Review: SQL-BackTrack for SQL Server 5.0

SQL-BackTrack for SQL Server 5.0
Starting at $4,045 for up to 25GB
BMC Software
Houston, Texas

Microsoft SQL Server 2000 comes with its own backup and recovery utilities. Though they work, there are a number of annoying limitations. For instance, you can't back up directly to a UNC path, and you can't pick and choose individual objects to restore. Fortunately, there are better alternatives. One of these is SQL-BackTrack, now a very mature product with exceptionally flexible options. It also ties in to other BMC Software products to make SQL Server backup part of your centralized enterprise-wide IT operations.

One of the great features of SQL-BackTrack is logical extraction. This lets you take an object (such as a stored procedure or a table) out of a physical backup and restore just that object - without waiting for the entire backup, or even locking users out of the rest of the database. You can also recover objects to other hosts or instances, so you can see what's in a backup at the object level without affecting the production database. Other recovery options include selecting a point in time, selecting an object and its dependencies, or restoring at the file or file group physical level.

Also very nice here is the centralized management functionality. SQL-BackTrack installs as an agent on each server, but you can connect to the agents from across the network. It also automates some of the routine grunt work so that your DBAs don't have to do it: removing old backups and generating reports, for example, are handled automatically.

But centralized management means more than just backing up all of your SQL Servers from one spot. There are other members of SQL-BackTrack to handle other databases such as DB2. These, too, can be managed from the single console. Even better, the console lets you set up and handle policy-based administration. You can set service levels for backups, and keep track easily when they're met. For example, one database might need to be backed up daily, and you can see when this policy is broken even if the most recent backup was successful (but too long ago). SQL-BackTrack also ties in with BMC's PATROL management product to make it part of your overall IT management strategy.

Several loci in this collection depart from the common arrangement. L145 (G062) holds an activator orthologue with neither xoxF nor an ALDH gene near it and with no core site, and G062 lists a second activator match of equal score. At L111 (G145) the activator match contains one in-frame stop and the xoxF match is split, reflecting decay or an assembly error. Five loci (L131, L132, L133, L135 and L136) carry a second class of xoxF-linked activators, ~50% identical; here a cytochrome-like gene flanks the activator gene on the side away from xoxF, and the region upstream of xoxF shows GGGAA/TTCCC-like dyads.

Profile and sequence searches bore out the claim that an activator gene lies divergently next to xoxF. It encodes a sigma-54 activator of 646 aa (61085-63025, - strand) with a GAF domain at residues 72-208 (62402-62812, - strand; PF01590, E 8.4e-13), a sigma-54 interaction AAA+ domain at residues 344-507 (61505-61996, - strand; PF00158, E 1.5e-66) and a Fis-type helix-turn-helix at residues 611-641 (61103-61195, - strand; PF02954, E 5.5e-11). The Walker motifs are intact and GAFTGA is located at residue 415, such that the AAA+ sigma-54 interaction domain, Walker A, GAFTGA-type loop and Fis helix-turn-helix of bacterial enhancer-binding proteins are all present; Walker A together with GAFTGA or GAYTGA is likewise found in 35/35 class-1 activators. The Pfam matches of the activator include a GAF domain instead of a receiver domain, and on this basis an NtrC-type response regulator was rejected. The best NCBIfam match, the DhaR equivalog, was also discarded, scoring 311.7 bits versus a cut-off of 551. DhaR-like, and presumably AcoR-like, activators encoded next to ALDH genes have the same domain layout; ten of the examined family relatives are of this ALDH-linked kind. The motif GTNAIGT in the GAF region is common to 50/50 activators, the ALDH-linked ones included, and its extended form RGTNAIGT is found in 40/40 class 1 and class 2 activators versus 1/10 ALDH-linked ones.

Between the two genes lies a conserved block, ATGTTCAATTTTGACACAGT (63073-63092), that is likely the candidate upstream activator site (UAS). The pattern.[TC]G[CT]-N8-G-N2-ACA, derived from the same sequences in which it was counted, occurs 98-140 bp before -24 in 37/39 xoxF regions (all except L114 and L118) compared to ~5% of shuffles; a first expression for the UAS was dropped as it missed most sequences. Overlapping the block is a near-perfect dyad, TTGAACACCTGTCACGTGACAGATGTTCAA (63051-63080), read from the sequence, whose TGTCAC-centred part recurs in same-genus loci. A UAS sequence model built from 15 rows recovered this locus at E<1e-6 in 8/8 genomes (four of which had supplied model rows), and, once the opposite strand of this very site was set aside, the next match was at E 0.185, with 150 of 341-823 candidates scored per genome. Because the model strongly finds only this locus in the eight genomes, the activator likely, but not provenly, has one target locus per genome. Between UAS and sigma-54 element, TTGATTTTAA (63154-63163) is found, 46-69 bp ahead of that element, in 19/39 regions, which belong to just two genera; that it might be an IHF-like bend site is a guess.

Installation was very easy. Getting SQL-BackTrack on a single box was a matter of running a single install, and hooking up the management pieces with a data repository didn't take much longer. I was then able to run a backup and restore cycle without reading anything more than the single page quickstart guide - everything can be wizard-driven or accessed through a very clear user interface. Of course, you'll probably want to refer to the manuals to know what your more advanced options are, and these are also well-written and useful.

There are really too many features to list in a short review, but here are a few more you might be interested in:

  • Versions for both 32-bit and 64-bit SQL Server - and the ability to migrate data and objects from 32-bit to 64-bit databases. SQL Server 7.0 is also supported.
  • "Dry run" backup that lets you test your settings without actually doing anything with the data.
  • Full support for clustered environments, including moving SQL-BackTrack itself to the fallover server if need be.
  • Compatibility with storage management systems from Tivoli and VERITAS.
  • Backup to network shares and NAS devices.
  • A command-line interface for the Unix types in your data center.

Pricing is by the combined size of the backed-up data, but you can download a demo version and see how it all works without spending any money. Even better, small shops can take advantage of a promotional offer: you can get a free license that covers you up to 10GB of data. That's a fairly amazing offer, considering the amount of functionality packed into this excellent product. Just visit the BMC Web site for more details. I think it's definitely worth a look for anyone using SQL Server as a data store.

About the Author

Mike Gunderloy has been developing software for a quarter-century now, and writing about it for nearly as long. He walked away from a .NET development career in 2006 and has been a happy Rails user ever since. Mike blogs at A Fresh Cup.

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